paris

Meet Your Paris Uncovered Guides

The brains (and the brawn) behind Paris Uncovered are Randa and Emily: two American expats who fell head-over-heels in love with the city and decided to make it their permanent home.

We’ve made a career out of showing visitors to Paris the ins and outs of our adopted home via walking tours, but we have a few little tips and tricks to share with you via this blog, too! So without further ado, it’s time to meet your guides.

RandA

When and why did you first move to Paris?

Having had short stints living abroad in Lyon and London, I fell in love with the experience of discovering a new city and culture. While I loved my years discovering Chicago, I was ready to explore another city and tackle a new challenge. In January 2011, I dove head first into my next chapter: studying at the Sorbonne, making new friends from around the world and attempting to master the French language!

What’s your favorite Paris neighborhood?

The Marais (both north and south) has always been a favorite and continues to be thanks to its blend of old and new Paris. You have it all: gorgeous views of gardens, medieval-to-renaissance-to-haussmannien architecture, cozy cafes and innovative restaurants. Whether you want to wander, shop or sit and people-watch: it’s perfect for any mood! A close runner-up would be the canal district -excellent for a long meandering walk.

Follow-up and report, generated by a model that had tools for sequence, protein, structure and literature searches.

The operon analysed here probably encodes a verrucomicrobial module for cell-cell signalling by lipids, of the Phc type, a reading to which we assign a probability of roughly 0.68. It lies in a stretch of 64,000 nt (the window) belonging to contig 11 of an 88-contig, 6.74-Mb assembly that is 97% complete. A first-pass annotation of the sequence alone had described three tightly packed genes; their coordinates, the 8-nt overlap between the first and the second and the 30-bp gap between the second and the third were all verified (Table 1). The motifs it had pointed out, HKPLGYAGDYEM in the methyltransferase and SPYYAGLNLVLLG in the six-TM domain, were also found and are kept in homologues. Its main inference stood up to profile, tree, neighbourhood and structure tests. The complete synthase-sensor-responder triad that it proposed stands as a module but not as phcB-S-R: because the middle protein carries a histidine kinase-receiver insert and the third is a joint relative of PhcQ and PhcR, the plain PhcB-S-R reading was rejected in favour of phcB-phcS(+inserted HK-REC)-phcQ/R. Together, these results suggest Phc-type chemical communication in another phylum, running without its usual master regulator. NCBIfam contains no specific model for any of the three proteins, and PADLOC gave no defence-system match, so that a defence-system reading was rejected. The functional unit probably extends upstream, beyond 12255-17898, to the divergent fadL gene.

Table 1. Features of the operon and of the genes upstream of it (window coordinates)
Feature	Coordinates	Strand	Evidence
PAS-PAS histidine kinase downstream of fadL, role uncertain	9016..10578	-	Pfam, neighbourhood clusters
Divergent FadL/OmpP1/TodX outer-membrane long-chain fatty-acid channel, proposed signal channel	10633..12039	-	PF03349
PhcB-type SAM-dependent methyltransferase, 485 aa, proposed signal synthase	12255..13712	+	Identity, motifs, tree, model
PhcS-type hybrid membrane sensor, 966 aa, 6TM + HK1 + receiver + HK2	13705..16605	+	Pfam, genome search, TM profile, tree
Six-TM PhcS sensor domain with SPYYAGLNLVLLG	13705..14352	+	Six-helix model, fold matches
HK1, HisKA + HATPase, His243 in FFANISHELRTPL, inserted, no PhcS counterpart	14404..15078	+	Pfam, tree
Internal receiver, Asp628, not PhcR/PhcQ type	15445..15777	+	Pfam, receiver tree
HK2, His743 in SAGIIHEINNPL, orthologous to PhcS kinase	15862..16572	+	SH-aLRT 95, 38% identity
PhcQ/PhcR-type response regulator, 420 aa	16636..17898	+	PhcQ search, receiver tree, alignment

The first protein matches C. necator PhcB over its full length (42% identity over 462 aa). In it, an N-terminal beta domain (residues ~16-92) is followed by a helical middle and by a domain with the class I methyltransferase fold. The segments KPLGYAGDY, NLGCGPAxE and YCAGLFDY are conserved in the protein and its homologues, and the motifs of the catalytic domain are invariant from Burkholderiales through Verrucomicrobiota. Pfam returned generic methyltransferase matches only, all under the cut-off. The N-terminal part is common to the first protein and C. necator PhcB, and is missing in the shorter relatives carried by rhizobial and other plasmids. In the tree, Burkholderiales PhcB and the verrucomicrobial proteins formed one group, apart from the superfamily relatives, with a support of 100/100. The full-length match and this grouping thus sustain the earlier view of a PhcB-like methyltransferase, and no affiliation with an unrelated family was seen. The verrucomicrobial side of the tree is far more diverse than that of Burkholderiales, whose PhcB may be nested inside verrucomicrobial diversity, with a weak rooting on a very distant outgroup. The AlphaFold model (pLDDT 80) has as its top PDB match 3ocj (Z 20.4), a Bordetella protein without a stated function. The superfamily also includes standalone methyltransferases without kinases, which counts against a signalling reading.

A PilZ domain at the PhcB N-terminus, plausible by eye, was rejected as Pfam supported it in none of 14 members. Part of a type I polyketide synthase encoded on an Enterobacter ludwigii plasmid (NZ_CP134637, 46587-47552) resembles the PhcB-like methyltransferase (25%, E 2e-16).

What’s your favorite period of French history to discover?

I’ve always been intrigued by the French Revolution and it’s many cultural implications. When you dig beyond the famous “let them eat cake!” and “off with your head!” phrases, you find a story about human rights and the human spirit that has impacted France (and maybe, the world) in many ways beyond the guillotine. Although, the guillotine certainly makes for a dramatic element to that part of history!

What’s your favorite thing to eat in Paris?

It’s so hard to choose! The first to pop into my head: either a croissant aux amandes or jambon-beurre. A croissant aux amandes is a croissant that’s filled with almond paste, covered in almonds, then baked and covered in powdered sugar (its honesty more dessert than breakfast!) A jambon-beurre sandwich is the edible form of “less is more”: a slice of ham and smear of butter on a crunchy baguette. Both can be found at nearly any boulangerie, but they are not all created equal, so be careful!

What’s one thing you wish visitors to Paris knew about Parisians?

Pride in our city and culture is a universal trait around the world – and Parisians are no different. Showing your appreciation for their city, culture and language can help you make friends fast. A simple “bonjour” when greeting someone, and a “merci” to thank them can go a long way!

Emily

When and why did you first move to Paris?

I first moved here in 2007, and it was a total accident. I had been studying abroad in Cannes, and when push came to shove, I wanted to stay. There was no way for me to transfer my university credits to the French system, so I moved to Paris to attend the American University here, thinking I’d stay 18 months to finish my degree. That was eleven years ago.